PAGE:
I know the universe has suddenly gone askew when my wife is giving me advice about my gadgets.
“Don’t update your iPhone” is the message she sends by email -- from downstairs. Apparently, Apple’s iOS 8.01 release that created havoc on Wednesday had made it into daytime programming. She watches in the background as she works, so I get the usual parade of declarations off of daytime fare throughout the day -- emails that tell me “we have to take more Vitamin D -- especially you because you never see the light of day.” Or the latest -- “sitting is the new smoking. If so then why aren’t you dead yet?”
But this week the emails were focused strangely on Apple. The weird week Apple suffered had penetrated daytime TV.
There was the reality behind those long Apple iPhone 6 lines: Chinese line-sitters selling their two phones to black marketeers around the corner.
There was the rarity of the iPhone 6 Plus on launch day -- revealing that yields for these new screens were way beneath expectation and need.
There were loads of complaints of a very buggy iOS 8, which prompted a quick 8.01 update that reportedly bricked some phones and made matters worse for even more customers.
There were complaints that iPhone 6 users couldn’t connect to their car audio systems anymore via Bluetooth, or they were getting strange behavior once they did connect.
And then, of course, there was “Bendgate.”
“The iPhone you are waiting for is going to bend in your pocket,” my wife emails.
While Apple now claims that fewer than ten customers have complained to them about bent phones, the Web went apoplectic this week over a YouTube video showing someone bending their iPhone 6 Plus. This phenomenon isn’t entirely new, as some previous phones have been shown to do the same thing. But physics being what it is, immutable, larger planes are more susceptible to this kind of tension. Nevertheless, the incident led to Apple actually opening its test facilities to journalists in order to demonstrate its concern for quality assurance.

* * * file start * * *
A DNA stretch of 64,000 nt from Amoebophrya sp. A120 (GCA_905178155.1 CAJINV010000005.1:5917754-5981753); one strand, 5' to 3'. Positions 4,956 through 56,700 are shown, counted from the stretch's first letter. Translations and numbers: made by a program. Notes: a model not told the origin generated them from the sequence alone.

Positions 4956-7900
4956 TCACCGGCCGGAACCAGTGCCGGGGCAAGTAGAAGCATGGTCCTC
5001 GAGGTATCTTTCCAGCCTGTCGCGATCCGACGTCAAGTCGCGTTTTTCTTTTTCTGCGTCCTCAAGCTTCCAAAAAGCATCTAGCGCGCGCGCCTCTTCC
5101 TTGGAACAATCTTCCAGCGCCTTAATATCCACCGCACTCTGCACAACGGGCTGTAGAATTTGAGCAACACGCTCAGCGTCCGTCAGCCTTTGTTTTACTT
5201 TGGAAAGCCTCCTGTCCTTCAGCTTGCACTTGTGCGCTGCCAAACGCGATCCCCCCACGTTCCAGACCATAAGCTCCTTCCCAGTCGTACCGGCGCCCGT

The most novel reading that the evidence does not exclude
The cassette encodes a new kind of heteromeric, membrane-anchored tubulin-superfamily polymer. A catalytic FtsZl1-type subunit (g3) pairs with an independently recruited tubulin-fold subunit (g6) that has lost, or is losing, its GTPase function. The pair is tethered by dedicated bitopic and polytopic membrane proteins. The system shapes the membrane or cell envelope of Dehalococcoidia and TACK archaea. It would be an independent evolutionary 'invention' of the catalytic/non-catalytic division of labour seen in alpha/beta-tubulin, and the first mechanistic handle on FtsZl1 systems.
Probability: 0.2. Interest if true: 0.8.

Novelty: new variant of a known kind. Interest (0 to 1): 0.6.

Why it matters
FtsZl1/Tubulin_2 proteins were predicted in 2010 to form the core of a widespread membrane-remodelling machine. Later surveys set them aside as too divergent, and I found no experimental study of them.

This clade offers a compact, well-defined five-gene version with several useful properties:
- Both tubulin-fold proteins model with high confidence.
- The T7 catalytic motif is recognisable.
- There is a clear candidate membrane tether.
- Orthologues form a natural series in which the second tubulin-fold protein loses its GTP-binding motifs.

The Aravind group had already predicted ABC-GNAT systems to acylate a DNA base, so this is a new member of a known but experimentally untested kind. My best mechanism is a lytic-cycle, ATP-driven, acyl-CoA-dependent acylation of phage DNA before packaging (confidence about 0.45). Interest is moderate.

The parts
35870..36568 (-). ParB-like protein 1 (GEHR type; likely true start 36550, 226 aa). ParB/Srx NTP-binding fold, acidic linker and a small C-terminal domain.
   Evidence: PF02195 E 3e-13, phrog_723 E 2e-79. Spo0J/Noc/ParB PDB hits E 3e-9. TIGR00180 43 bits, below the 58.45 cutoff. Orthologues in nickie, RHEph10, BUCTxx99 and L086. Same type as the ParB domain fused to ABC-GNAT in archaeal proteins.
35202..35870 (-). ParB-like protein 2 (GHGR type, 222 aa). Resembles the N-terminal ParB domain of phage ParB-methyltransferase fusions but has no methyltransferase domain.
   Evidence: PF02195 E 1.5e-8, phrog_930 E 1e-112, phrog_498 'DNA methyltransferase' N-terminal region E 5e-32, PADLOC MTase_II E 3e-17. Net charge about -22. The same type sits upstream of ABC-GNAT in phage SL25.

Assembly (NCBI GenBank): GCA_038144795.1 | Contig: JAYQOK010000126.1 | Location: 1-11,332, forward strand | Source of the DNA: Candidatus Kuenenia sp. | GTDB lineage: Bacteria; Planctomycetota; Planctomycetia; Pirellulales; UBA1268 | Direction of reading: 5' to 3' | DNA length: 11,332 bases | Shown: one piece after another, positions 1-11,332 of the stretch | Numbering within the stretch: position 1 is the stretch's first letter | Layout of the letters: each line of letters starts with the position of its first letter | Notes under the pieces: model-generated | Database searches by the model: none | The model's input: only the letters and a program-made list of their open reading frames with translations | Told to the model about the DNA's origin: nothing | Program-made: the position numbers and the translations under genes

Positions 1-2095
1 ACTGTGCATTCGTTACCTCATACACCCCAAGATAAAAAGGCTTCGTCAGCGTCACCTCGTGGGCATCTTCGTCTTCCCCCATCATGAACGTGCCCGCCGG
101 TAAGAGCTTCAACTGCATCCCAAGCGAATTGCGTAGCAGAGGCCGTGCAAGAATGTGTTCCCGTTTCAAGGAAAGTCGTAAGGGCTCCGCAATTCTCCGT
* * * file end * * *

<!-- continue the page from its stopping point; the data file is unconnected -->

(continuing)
This has all gotten so weird that even Consumer Reports is jumping in for its bit of PR exposure. The famously independent testing lab said yesterday it will use its special machinery as an objective mechanical test that would gauge the malleability of smartphones.
Meanwhile, on the sidelines of this little circus, Samsung and others are falling all over themselves like overheated teenage rivals to poke at the mighty Apple. In response to the Bendgate affair, HTC tweeted about the HTC One: “Designed to withstand the most demanding environments. Like your pockets.” Samsung, as is its wont, was more blunt and less artful in reminding everyone of its Galaxy Note Edge with the wraparound screen. It tweeted: “Curved. Not Bent.”
I have to say I have never understood the sense of this kind of brand teasing. It always seems to diminish the rival brand more than the target because it underscores its defensiveness.
But my wife is wondering why Apple still seems to get a pass on all of this. “If this were Microsoft, there would be outrage,” she insists. True enough, insofar as incidents like this would be read as corporate incompetence in Microsoft’s case. For Apple, no specific meaning is attached to the problems, perhaps aside from post-Jobs decline. The real damage comes when a narrative emerges to pull the threads together into a single, insistent negative tale about the brand. The idea that Apple has somehow lost its Mojo is always there, but it doesn’t seem as compelling as the idea that the company has overreached or has become the kind of corporation it said it wasn’t.
For the time being, at least, I think Apple gets a pass mainly because most consumers root for the brand, and that can’t be said of many companies. It once represented a kind of magic elixir that is an endemically American blend: innovation, technical prowess and deft salesmanship.